His claim that Scientists form part of an enclave, an inwardly-focussed “paradigm” of theory and understanding, with its own internally maintained unassailable truth (whether really really true, or not), is an idea that has given a very useful stick to beat Science with.

Truth about the natural world, sceptics argue, is only valid within the “paradigm” of a particular Science community. Outside those ivory towers of academe, the real world can be a lot different, they claim. And sometimes, they assert, within the academic community, what is accepted as truth undergoes a shift, a radical Kuhnian “paradigm shift”.

Kuhn theorised that “paradigm shifts” would come about because of revolutionary new facts or theories – but his theory is only that – a theory. In the real world of Science, the society of co-labourers shifts in ways both large and small – but never really apocalpytically, catastrophically. Kuhn was wrong, and Climategate proves it – Science can withstand culture shocks without dissolution of the whole Scientific enterprise.

The promoters of the non-scandal known as Climategate hoped to create a “paradigm shift” in Science, by seeding a revolutionary idea in the mind of the general public, that anybody related to the IPCC and the University of East Anglia (UEA) Climatic Research Unit (CRU) in particular, was not to be trusted.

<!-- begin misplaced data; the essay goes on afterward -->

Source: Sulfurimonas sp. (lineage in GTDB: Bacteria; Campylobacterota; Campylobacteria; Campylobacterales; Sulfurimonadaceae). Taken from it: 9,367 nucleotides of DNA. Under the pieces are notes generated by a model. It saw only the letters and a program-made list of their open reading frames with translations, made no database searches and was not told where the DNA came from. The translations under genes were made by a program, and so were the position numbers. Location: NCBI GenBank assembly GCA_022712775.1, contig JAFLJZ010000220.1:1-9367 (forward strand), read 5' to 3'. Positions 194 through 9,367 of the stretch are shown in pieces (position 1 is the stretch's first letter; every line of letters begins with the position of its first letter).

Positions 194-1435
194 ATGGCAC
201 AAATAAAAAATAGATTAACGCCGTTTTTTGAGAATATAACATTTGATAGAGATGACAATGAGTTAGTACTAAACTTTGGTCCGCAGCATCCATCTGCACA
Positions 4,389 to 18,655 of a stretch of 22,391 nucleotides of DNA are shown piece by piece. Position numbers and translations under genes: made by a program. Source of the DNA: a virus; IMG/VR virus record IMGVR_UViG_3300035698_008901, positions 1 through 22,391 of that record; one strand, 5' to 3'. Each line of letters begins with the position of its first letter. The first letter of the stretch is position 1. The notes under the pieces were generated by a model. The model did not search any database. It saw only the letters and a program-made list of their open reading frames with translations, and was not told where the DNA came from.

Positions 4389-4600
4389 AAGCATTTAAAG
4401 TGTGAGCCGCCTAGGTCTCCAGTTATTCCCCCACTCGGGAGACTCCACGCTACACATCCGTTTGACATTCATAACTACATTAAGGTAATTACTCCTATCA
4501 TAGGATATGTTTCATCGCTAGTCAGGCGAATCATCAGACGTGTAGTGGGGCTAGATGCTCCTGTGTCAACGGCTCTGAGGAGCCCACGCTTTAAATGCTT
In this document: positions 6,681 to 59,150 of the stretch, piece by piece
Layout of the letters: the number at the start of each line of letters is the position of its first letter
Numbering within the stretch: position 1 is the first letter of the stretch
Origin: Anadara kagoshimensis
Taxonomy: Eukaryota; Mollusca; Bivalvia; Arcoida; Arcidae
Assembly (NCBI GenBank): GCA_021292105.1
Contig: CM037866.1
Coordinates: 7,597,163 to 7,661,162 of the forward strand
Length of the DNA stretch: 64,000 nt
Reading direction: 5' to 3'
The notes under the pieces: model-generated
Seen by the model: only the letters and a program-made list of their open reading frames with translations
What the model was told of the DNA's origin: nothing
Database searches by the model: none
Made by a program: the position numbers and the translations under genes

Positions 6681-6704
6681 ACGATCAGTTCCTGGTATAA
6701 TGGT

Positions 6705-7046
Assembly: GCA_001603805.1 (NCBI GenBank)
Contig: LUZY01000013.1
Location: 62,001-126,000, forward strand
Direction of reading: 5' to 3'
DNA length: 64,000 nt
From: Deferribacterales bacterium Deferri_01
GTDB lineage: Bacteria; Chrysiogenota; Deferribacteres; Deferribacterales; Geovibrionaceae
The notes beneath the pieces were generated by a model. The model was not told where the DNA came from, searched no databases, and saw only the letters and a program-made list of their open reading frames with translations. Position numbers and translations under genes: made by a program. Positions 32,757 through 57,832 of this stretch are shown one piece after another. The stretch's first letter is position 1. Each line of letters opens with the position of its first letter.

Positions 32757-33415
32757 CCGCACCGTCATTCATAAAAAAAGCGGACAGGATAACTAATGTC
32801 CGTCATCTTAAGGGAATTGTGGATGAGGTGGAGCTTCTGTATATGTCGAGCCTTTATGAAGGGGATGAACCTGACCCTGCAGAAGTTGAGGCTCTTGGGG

The Climategaters hoped that public opinion about Scientific untrustworthiness would bleed into the structures of authority, causing a “paradigm shift” in the form of a loss of support of the IPCC work, which would then have repercussions within the academic community, causing a shift from the outside to push a shift on the inside.

To a certain extent, they got what they wanted – there have been enquiries, checks, balances, reports written on Science and Scientists, promises and pledges of more “openness and transparency”. But you know what, Science has come out unscathed.

Experts in specialist fields are still experts in specialist fields, and they are still consulted on. The reason ? It is impossible to know everything about the whole of Climate Change Science, and true expertise is something that a pitchfork-armed witch-hunt cannot unsettle.

We are not living in a “post-paradigmatic”, “post normal science” state – Science still goes on, truth is still discovered. The facts are still the facts and the data is still the data and the evidence is still the evidence.